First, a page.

10th February 2015

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Important Change of Time for Wednesday's Health-Chat with Jeremy Hunt

Brought forward - Kick-off now 5pm to accommodate SoS's commitments.


Health-Chat with Roy Lilley 

Dr Sarah Wollaston MP Chair Health Select Committee

11th March - King's Fund 5.30.  Details here.

News and Comment from Roy Lilley

It's OK for organisations to use their best endeavours, try hard and make a mess of things. It's not making the mess that's the issue. It's pressing on, taking money for doing a job, knowing it can't be done, that is not honest. I think the CQC have got to that point.

A BBC Radio 5Live investigation revealed one in five care homes are 'failing'.

In October the CQC introduced a new inspection regime. The BBC reviewed 9,816 inspections carried out under the new, all-singing-all-dancing regime. Nearly 2,000 homes were not fully compliant and 3,500 people are living in 96 homes which failed to meet any of the key tests.

Debbie Westhead, the deputy chief inspector for the north region, said; the figures were not "good enough". Yes Debbie, you are right. Her problem; short of closing 96 care homes the CQC can only huff and puff.

It is no longer honest for the CQC, its Board, David Behemoth and the rest of his flat earthers to pretend that the CQC is making an iota of difference to the quality of care for our most vulnerable.

Inspection does not contribute to quality; Deming said it, Porter said it, Peters says it, Handy says it and last week the patron saint of healthcare safety, Don Berwick said it. Only ex-Tory MP, David Prior, chair of the Labour chimera, the CQC and his board, persists with this charade. Through impotence the CQC has become the story.

I was relived beyond relief to see that LaLite is finally trying to move the pursuit of quality on; shifting the emphasis to analysis... Case Note Reviews.

Medics will sample 2,000 cases. There is a codicil; results will be extrapolated and turned into some form of ranking system. That's daft but plays well in the press in the run up to the election. I forgive him.

CNRs are the gold standard. They are expensive, time consuming and not without controversy; which method, holistic or criterion-based. And, death may not be an indicator of poor care. CNRs must be carried out consistently and 2k is nowhere near a big enough sample. But, I hope it is the start of a new era for the NHS; 'non-threatening learning'.

The whole approach is complex - nicely summed up by Dr Roger Steadman, here.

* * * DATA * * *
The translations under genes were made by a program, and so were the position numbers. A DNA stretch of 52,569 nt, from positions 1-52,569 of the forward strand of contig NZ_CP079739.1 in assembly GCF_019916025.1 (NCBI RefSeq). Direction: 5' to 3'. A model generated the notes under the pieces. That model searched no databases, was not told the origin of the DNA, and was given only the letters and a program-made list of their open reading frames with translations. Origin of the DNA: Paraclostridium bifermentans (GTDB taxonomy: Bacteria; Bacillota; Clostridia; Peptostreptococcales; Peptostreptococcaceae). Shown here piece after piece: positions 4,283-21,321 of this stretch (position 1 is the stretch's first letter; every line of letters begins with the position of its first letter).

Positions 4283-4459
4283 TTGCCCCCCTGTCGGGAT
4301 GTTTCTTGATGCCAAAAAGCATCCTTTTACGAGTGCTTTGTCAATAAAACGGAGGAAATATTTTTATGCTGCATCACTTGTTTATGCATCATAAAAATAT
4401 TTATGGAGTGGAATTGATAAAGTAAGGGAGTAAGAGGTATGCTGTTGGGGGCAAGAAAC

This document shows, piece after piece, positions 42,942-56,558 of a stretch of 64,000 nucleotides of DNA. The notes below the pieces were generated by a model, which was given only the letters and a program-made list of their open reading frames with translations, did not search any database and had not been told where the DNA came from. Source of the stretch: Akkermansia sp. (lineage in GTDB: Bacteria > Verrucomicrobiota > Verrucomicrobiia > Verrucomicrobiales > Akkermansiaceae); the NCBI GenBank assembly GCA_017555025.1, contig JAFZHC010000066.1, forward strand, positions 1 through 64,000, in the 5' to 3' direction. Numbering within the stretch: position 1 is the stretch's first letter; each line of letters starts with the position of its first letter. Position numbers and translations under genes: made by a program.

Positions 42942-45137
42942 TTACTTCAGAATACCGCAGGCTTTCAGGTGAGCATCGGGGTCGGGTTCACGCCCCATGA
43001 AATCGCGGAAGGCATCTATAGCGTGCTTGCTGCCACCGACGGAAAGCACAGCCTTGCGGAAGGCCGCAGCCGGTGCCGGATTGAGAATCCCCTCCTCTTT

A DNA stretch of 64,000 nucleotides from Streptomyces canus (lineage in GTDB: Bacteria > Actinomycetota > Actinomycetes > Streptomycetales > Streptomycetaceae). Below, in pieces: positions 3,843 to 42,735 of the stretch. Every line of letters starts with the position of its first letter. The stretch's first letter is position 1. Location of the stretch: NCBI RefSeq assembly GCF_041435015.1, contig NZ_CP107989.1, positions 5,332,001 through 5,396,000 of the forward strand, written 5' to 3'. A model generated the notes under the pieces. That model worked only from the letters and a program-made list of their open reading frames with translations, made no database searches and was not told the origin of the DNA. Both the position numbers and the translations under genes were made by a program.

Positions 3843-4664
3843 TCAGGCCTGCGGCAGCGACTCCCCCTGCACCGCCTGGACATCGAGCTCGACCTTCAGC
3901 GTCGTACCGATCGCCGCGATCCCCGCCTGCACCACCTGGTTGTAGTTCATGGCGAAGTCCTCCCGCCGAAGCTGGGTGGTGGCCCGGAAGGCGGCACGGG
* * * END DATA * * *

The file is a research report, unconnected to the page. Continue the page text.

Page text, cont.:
CNRs have been triggered by the performance of 'special measures' Trusts who found themselves first identified by the analysis of data. Data that was not perfect but, as Uncle Bruce says; 'they are the smoke'. Data-doyen Sir Brian Jarman, often the butt of ill-informed criticism as to his intent, is right; Hospital Standard Mortality Ratios tell us something. You can never be sure quite what, but it says 'listen carefully'.

This is a giant leap for hospital safety. Well done Jeremy! (Blimey, never thought I'd say that!).

Note; this step change achieved without sending 80 strangers to a hospital, under the direction of a cancer doctor with no management qualifications, to wander about, tell us 'they saw an empty drinking glass out of the reach of a patient' and 'there are not enough nurses'... all for the bargain price of 250,000 a pop.

The Trusts, in Uncle Bruce's special measures group, had high mortality rates some of which have improved. Why? Regression analysis shouts 'special measures has nothing to do with it'; the 11 Trusts were not randomly selected, no control group; they may have improved anyway and there are new examples of poor care emerging, elsewhere, all the time.

The reason they have 'improved' is; they have had more money, shared expertise and beefed-up front-line staff. We know the ingredients of good care. The CQC is irrelevant.  Do that everywhere and you get better care. 

We know crappy care homes, in an unconsolidated, largely momma-papa shop industry, operate at the margins of solvency. Driven to the edge of the edge by the likes of Birmingham Council who commoditise care-places, auction them and award contracts to the lowest bidder.

In our old age, the best we can hope for is to be looked after by the cheapest person they can find, in the cheapest place still open. 

Lalite's quality epiphany is to be cheered to the rafters. His next job; close the CQC and use the 100m their activities consume, for front-line care... not on another game of CQC Bunco.


'What is the point of a select committee' come and join me in conversation with Dr Sarah Wollaston MP, chair of the Health Select Committee.

 Kings Fund 11th March - details here. 


  Contact Roy - please use this e-address


Know something I don't - email me in confidence.

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11th March - Kings Fund
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